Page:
U.S. plans land-based UAV patrols to combat piracy
By MARK ABRAMSON | STARS AND STRIPES Published: August 29, 2009
U.S. officials plan to use MQ-9 Reaper unmanned aerial vehicles to patrol the Indian Ocean as a way to combat piracy in the region.
About 75 U.S. military personnel and civilians will be headed to the Seychelles islands in the coming weeks to set up the Reaper operations, which could start in October or November. U.S. Africa Command is calling the Navy-led mission Ocean Look.
The U.S. will base the Reapers — to be used for intelligence, surveillance and reconnaissance — at Seychelles’ Mahé regional airport, Vince Crawley, AFRICOM spokesman, said.
The Navy has been using ship-based UAVs in the region for some time, but using land-based drones for counterpiracy work is new, he said.
Piracy is a major problem for the Seychelles because it is dependent on shipping, he added.
The mission should last several months, with a Reaper airborne at all times, Crawley said. Details on exactly how long the UAVs would be in the Seychelles are still being worked out, he said.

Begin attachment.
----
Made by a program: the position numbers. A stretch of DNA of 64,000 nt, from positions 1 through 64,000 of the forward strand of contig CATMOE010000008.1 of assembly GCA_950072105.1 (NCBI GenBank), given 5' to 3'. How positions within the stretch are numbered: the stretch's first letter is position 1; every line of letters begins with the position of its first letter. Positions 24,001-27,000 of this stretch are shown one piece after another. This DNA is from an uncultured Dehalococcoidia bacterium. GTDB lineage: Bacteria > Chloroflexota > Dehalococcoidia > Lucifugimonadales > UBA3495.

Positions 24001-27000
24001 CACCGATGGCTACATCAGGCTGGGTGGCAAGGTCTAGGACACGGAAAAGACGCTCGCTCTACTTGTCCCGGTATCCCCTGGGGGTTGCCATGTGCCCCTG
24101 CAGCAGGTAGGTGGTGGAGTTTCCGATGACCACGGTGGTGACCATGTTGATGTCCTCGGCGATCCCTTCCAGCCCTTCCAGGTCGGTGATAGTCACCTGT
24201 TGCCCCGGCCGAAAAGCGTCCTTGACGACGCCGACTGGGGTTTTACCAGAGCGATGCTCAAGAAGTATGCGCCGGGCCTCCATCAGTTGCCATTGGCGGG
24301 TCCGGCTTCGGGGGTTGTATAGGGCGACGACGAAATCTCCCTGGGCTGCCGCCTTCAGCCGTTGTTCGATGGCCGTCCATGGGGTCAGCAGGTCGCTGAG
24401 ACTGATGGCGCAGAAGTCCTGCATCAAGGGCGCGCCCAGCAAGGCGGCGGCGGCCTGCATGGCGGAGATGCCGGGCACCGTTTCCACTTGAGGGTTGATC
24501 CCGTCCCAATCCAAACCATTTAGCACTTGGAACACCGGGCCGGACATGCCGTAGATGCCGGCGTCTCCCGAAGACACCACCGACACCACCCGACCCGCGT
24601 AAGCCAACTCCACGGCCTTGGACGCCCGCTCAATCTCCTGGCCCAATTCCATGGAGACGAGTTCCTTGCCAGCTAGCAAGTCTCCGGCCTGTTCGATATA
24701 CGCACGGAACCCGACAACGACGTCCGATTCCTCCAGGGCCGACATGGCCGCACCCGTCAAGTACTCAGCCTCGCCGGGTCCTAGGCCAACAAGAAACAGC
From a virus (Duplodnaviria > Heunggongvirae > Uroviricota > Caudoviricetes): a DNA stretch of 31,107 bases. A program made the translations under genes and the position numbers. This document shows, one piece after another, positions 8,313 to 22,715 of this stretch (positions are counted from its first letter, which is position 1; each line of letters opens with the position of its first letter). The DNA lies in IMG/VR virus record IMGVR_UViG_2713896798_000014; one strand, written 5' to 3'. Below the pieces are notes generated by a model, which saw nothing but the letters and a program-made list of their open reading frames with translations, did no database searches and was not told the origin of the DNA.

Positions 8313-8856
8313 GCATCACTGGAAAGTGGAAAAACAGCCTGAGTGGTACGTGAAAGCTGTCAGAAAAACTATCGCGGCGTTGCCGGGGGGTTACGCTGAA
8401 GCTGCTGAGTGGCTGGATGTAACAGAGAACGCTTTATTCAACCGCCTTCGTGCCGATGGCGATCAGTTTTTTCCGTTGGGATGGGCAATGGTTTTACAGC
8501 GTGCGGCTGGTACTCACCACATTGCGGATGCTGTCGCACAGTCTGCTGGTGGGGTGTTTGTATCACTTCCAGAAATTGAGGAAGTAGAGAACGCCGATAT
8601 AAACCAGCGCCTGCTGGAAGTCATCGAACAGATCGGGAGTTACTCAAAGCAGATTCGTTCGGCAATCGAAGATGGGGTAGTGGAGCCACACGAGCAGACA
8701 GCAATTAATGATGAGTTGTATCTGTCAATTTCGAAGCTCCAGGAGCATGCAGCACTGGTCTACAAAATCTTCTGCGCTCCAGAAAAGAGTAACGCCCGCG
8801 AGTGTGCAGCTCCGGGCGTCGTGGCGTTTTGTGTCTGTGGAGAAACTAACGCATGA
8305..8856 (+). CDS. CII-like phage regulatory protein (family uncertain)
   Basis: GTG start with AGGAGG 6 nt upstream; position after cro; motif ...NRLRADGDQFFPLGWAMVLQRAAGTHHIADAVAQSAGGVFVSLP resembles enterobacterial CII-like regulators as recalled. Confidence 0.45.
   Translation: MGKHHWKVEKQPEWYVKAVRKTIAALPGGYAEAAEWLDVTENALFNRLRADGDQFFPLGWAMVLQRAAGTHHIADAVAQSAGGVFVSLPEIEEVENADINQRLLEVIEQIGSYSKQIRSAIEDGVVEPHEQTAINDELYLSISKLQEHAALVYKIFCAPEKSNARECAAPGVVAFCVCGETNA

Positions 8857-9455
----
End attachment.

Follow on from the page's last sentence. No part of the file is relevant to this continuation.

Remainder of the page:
The UAVs would not be armed.
“We will get it up and running and see for a few months if it is the right assets and location (for counterpiracy). It is a very strategic location,” Crawley said.
According to San Diego-based General Atomics, which manufactures the Reaper, the UAV can stay in the air for 30 hours and fly at speeds up to 275 mph.
The decision to base the Reapers in the Seychelles — about 1,000 miles off the east coast of Africa — comes at a time of year when the weather in the area clears up and pirates based out of Somalia and the region take to the seas.
“Traditionally what we are seeing this time of year, the monsoon season will end,” Lt. Nathan Christiansen, spokesman for the Navy’s 5th Fleet, said. “Last August, right about this time, we saw 12 attacks in one day.”
In addition to Reapers, the Navy has experimented with operating P-3 Orion patrol aircraft at the same Seychelles airport. A P-3 crew with Squadron VP-10 operating out of Djibouti stopped off at the Seychelles overnight from Aug. 12 to Aug. 13 to test the idea.
“I believe the main focus would be maritime security and counterpiracy operations,” said Navy Capt. John Moore, commodore of Combined Task Force 67 in Sigonella, Italy.
The P-3s would not be permanently based there, Moore said.
Orions with a combat radius of 2,380 nautical miles can cover and survey a large area, the captain said.
“They add a lot of situational awareness. I would say that our assessment (of operating from the Seychelles) proved successful. We could do this,” Moore said.